The Sarcoma DOT has a broad spectrum of investigations to better understand how these groups of deadly but rare cancers develop and how to identify the best strategies to treat these cancers. We are particularly interested in the molecular pathways by which these cancers can kill. We are also looking at the inherited and familial risk for disease and are concerned about how these cancers impact sarcoma survivors later in life.
As sarcomas affect both children and adults we have a strong collaborative spirit with Primary Children’s Hospital and the Department of Pediatrics at the University of Utah.
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Overview of Projects:
The Sarcoma DOT is dedicated to unlocking the mysteries of these cancers and finding better ways to cure patients and enhance their lives. Our investigators bring an expansive and veritable depth of expertise in sarcoma investigation. Collaborating with other authorities from around the world, our investigators strive to understand why people develop these types of cancers. To conduct this research, we receive precious tumor samples and DNA from patients living in numerous countries from around the globe. In addition to investigating who might be at risk, we are dedicated to finding molecular targets to improve survival. In particular, we have leading edge investigations in Ewings and Synovial Sarcomas, among others, collaborating with internationally renowned scientists and Nobel Laureates to understand why these cancers tend to spread and ways by which this process can be stopped. With some of the most advanced imaging techniques in the world our scientists are able to understand, with molecular accuracy, how these novel treatments might work to cure patients.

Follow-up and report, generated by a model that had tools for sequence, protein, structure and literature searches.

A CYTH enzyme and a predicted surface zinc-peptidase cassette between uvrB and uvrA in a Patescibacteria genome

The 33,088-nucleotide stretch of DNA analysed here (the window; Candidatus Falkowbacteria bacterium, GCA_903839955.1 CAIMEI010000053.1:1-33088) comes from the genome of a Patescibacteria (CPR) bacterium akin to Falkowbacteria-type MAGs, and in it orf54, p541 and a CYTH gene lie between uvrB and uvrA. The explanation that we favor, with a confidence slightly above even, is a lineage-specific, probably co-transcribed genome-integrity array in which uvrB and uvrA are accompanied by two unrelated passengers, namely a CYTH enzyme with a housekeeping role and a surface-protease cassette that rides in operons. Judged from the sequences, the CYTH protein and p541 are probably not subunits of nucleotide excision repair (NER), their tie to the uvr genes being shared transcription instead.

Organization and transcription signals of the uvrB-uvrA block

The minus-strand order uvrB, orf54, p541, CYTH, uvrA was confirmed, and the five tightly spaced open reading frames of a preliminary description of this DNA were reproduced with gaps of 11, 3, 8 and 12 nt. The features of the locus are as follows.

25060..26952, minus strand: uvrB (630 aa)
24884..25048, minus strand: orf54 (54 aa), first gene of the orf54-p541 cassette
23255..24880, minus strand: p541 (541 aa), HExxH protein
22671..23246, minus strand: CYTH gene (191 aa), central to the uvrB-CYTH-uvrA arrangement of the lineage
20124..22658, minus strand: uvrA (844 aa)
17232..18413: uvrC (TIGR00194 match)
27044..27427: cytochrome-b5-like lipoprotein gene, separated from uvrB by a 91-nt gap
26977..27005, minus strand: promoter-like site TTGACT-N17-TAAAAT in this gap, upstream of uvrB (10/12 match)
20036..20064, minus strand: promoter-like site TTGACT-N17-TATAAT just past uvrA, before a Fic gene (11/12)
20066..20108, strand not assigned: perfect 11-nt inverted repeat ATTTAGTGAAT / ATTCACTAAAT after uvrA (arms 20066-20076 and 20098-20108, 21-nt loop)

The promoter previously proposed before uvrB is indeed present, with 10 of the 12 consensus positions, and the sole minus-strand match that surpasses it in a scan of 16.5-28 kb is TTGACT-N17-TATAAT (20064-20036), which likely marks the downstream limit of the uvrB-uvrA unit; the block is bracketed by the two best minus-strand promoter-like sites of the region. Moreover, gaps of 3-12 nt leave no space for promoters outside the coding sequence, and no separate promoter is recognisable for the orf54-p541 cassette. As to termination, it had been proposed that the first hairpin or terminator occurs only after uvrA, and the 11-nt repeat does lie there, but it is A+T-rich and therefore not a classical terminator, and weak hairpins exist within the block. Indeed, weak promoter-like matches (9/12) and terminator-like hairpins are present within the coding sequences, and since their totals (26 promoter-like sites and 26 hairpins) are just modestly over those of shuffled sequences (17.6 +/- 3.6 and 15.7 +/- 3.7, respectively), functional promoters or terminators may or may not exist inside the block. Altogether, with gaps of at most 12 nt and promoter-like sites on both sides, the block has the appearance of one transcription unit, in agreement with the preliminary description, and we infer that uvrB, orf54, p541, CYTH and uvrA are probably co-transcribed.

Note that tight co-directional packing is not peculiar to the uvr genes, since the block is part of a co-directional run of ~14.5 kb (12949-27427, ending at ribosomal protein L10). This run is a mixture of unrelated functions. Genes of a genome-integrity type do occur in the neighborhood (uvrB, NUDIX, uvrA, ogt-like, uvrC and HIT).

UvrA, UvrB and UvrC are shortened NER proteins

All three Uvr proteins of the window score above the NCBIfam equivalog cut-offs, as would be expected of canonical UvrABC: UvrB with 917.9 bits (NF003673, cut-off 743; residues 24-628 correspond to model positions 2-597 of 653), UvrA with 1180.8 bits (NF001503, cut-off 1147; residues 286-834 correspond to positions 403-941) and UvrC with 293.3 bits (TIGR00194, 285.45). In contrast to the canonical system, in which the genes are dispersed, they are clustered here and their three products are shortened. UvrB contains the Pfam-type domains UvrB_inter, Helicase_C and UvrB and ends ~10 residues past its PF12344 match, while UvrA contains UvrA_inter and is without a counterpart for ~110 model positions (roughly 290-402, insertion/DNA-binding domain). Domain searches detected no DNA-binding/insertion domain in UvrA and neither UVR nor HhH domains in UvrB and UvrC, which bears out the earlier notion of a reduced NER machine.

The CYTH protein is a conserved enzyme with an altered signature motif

When someone is stricken with sarcoma, not only is their life threatened, but they also face deficits in their quality of life. Many of our patients are children, adolescents and young adults whose entire lives lie before them. We are dedicated to making sure those lives are healthy and happy. Many of the current treatments for sarcoma have short, and potentially long-term, side effects. While striving to minimize these health effects, our investigators are researching strategies to address patients’ health care needs and concerns as they reintegrate into their normal lives.
From clinician-scientists to epidemiologists to cancer geneticists to laboratory scientists and population-population based investigators, we are dedicated to the sarcoma patients of today and tomorrow.
While Sarcoma Services has a rich and long tradition in Utah, the new DOT at HCI is a vital step to optimize how we can better serve our patients through innovative research. Federal and foundation research funds for these rare and deadly tumors are quite limited. As such, sarcoma is considered an “orphan” disease and we are highly dependent upon philanthropic gifts and donations to support our programmatic efforts. Our DOT meets monthly and has an ambitious agenda to make sure that any and all of our donors’ generosities are used to better understand, treat and care for our patients today and tomorrow. Working together, the Sarcoma DOT will improve the lives of all patients with sarcoma both locally and around the globe.